Tuesday, March 17, 2015

In Russia, a Drying Lake Threatens an 'Era of Water Wars'

Map of Lake Baikal in Eastern Siberia. Lake Baikal is the world's largest freshwater lake in terms of volume with approximately 20% of Earth's fresh surface water. (Credit: mappery.com) Click to Enlarge.
In Russia's Siberian south, near the border of Mongolia, the world's largest freshwater lake is shrinking.

The surrounding communities depend on Lake Baikal, which contains about one-fifth of the earth's unfrozen freshwater reserves, for their power, water and livelihoods.

But in the past four months the lake’s water level has dropped so low that experts are calling it a crisis – one they warn could lead to conflicts in Russia over water.

The lake is now at its lowest level in over 30 years and experts predict it will keep dropping until melting mountain snow and spring rains begin to recharge the lake around late April or mid-May.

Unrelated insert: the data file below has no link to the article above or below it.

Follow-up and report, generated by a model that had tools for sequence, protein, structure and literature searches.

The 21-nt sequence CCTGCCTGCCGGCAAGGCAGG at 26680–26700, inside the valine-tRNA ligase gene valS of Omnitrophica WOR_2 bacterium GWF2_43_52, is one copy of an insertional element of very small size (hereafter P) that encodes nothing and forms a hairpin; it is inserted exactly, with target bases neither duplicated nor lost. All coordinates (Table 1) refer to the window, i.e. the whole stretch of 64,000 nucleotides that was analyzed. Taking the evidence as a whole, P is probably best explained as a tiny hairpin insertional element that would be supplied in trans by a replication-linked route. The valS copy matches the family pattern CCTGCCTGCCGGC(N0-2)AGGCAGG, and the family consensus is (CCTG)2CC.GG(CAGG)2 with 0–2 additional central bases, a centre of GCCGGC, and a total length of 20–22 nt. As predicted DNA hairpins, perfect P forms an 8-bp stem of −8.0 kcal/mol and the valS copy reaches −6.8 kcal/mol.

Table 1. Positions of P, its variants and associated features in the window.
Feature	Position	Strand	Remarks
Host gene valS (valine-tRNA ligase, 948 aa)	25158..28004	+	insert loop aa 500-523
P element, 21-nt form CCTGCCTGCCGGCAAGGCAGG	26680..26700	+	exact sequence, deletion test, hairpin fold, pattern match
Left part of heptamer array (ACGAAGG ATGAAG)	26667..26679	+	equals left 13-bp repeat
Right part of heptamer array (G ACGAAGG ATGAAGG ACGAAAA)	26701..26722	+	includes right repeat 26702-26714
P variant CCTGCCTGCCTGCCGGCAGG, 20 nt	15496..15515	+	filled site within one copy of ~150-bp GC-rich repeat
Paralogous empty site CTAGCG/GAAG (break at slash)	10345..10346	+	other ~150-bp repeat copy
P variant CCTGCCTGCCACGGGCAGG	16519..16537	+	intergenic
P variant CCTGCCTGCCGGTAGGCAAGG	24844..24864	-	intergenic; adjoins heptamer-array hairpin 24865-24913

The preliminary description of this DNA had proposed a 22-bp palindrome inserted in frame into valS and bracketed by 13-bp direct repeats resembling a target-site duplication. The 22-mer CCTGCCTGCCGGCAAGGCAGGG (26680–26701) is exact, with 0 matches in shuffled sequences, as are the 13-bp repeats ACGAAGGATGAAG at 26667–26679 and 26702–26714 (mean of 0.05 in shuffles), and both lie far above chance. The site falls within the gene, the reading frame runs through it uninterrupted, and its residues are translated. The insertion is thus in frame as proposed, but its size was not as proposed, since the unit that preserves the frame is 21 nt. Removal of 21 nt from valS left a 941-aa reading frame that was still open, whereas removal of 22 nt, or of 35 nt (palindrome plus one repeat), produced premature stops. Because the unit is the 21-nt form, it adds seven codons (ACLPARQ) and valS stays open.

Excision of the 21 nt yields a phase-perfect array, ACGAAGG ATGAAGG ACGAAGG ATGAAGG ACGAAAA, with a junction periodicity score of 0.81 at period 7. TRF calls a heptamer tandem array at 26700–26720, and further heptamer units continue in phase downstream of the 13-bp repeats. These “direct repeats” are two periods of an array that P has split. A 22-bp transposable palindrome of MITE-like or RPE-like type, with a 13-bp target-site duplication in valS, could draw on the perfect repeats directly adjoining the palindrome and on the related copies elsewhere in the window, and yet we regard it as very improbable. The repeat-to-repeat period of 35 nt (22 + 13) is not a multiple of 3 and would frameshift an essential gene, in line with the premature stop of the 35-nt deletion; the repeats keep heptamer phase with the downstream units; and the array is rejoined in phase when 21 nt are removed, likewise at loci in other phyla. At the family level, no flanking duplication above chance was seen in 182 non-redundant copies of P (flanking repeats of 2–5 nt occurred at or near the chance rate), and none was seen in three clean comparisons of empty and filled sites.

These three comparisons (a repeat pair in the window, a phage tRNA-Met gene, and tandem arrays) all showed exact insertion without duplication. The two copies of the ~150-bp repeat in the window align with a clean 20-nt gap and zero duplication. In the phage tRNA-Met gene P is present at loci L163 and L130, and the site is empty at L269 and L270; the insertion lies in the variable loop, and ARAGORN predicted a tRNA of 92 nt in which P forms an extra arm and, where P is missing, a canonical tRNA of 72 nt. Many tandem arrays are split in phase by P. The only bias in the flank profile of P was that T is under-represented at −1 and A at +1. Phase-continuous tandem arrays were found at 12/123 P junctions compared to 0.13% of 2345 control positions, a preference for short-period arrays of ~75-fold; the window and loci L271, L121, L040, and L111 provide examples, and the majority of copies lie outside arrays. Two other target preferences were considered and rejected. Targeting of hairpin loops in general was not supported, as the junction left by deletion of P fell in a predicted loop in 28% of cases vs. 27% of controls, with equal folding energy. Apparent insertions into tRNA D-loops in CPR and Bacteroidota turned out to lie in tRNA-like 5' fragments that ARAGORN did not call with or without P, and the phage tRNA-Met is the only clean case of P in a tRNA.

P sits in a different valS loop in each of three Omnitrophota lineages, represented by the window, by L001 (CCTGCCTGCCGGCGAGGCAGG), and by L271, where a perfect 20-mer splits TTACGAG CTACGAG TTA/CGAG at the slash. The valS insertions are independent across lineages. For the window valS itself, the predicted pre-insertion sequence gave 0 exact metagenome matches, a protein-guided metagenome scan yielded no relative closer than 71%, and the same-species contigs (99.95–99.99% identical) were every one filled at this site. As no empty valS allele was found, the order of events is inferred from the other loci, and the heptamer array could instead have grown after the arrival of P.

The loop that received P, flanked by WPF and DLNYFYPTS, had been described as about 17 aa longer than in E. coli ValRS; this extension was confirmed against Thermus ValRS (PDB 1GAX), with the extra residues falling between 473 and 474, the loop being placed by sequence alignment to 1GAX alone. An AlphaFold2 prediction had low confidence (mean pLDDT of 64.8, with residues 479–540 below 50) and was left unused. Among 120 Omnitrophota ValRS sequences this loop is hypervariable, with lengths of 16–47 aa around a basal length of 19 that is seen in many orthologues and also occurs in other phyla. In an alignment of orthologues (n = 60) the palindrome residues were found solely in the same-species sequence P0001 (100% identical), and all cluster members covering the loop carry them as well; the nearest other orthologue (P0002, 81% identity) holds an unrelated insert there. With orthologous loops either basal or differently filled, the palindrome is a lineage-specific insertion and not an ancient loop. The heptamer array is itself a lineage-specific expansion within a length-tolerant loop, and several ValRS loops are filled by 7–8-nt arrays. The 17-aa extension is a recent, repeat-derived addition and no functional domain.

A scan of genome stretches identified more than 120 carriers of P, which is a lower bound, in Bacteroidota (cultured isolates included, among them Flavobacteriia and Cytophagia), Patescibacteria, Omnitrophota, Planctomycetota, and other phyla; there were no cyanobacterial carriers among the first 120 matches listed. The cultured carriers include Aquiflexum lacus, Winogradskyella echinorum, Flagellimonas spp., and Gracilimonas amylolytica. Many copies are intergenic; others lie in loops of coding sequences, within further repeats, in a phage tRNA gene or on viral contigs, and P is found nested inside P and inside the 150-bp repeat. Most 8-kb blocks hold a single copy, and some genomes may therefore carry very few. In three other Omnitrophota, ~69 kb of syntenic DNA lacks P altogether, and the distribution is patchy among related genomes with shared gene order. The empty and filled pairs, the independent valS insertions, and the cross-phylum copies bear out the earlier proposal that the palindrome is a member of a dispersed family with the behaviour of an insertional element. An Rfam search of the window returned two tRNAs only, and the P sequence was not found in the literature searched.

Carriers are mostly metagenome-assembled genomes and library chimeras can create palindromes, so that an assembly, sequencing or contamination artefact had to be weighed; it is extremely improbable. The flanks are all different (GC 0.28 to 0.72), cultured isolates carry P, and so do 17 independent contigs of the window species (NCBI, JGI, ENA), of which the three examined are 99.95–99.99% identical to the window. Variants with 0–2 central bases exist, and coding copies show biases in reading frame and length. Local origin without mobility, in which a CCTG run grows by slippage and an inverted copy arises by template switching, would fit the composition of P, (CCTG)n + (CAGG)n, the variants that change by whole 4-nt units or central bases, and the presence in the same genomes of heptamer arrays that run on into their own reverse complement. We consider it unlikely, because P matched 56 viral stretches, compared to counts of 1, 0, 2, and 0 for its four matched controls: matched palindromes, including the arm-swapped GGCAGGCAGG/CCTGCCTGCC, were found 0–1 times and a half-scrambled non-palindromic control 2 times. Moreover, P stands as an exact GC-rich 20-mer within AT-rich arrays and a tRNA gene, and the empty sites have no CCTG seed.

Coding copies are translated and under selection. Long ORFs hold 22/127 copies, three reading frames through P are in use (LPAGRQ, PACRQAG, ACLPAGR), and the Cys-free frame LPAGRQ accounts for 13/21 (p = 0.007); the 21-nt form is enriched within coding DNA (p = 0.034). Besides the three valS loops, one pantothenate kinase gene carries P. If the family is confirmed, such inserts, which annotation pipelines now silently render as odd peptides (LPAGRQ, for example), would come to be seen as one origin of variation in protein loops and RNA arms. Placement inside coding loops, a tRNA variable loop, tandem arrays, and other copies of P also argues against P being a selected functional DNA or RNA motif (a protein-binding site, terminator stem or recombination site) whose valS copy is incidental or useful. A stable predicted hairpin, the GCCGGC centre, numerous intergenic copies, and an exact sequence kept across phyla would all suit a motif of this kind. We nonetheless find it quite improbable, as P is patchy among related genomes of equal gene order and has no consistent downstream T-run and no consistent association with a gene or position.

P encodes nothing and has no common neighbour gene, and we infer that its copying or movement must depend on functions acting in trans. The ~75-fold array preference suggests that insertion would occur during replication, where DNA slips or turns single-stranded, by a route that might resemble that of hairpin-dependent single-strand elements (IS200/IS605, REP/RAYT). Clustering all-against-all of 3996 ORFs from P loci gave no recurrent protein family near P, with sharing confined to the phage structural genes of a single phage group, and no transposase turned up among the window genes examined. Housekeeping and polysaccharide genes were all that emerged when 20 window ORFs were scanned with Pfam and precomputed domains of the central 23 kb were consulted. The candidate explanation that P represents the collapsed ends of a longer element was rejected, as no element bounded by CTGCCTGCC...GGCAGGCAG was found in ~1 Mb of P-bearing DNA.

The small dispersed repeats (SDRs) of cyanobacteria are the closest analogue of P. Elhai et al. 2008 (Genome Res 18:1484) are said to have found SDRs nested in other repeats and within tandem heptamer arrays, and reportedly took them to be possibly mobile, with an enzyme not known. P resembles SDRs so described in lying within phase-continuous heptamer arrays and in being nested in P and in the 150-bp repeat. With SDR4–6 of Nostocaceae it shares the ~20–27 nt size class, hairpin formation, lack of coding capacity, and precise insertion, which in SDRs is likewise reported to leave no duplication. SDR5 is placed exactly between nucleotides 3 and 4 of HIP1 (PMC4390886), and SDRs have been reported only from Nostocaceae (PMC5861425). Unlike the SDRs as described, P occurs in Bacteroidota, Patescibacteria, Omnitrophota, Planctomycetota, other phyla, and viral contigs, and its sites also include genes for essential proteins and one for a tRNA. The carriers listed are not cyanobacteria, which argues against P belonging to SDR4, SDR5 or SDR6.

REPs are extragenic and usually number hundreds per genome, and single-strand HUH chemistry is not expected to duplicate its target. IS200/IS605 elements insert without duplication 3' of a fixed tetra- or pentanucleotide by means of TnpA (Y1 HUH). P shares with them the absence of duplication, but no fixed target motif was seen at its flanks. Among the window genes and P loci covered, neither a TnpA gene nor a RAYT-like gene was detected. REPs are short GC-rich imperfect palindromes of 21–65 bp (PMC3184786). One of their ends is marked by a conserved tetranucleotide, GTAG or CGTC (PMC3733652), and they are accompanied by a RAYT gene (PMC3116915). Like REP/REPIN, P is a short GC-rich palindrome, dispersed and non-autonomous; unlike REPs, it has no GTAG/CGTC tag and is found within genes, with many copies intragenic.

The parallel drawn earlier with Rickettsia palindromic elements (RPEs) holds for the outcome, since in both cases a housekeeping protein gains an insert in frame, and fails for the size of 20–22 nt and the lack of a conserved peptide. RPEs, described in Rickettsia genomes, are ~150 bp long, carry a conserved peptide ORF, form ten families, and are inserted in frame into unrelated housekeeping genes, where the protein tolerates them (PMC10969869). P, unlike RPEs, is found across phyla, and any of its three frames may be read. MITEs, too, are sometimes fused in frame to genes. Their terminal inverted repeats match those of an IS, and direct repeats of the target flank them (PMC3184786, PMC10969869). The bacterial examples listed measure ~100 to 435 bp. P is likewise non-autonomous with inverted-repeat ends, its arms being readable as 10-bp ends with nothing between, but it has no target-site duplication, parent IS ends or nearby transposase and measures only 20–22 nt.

The problem, scientists and environmentalists say, is a combination of climate change and growing use of hydropower.

During last year's unusually dry summer and autumn, the lake got only 67 percent of the freshwater inflow it normally receives; experts predict in the first quarter of 2015 that figure will fall to 50 percent.

Meanwhile, hydropower stations along the lake's feeder rivers continue to draw water into their holding reservoirs at the normal rate, leaving the lake depleted, experts say.

Lake Baikal's dramatic drying already is causing tensions between the two regions that rely on it.  In the Buryat Republic, upstream of the lake, wells are running empty and the area's fishing industry is struggling with decreasing fish populations.

Downstream, the people of the Irkutsk Oblast region who depend on the lake for their water and electricity supply are demanding they continue to have access to it despite the falling water level.

"Welcome to the era of water wars in Russia," said Alexander Kolotov, Russian coordinator of the international ecological coalition Rivers Without Boundaries. "Water is becoming the country's most valuable resource."

Read more at In Russia, a Drying Lake Threatens an 'Era of Water Wars'

No comments:

Post a Comment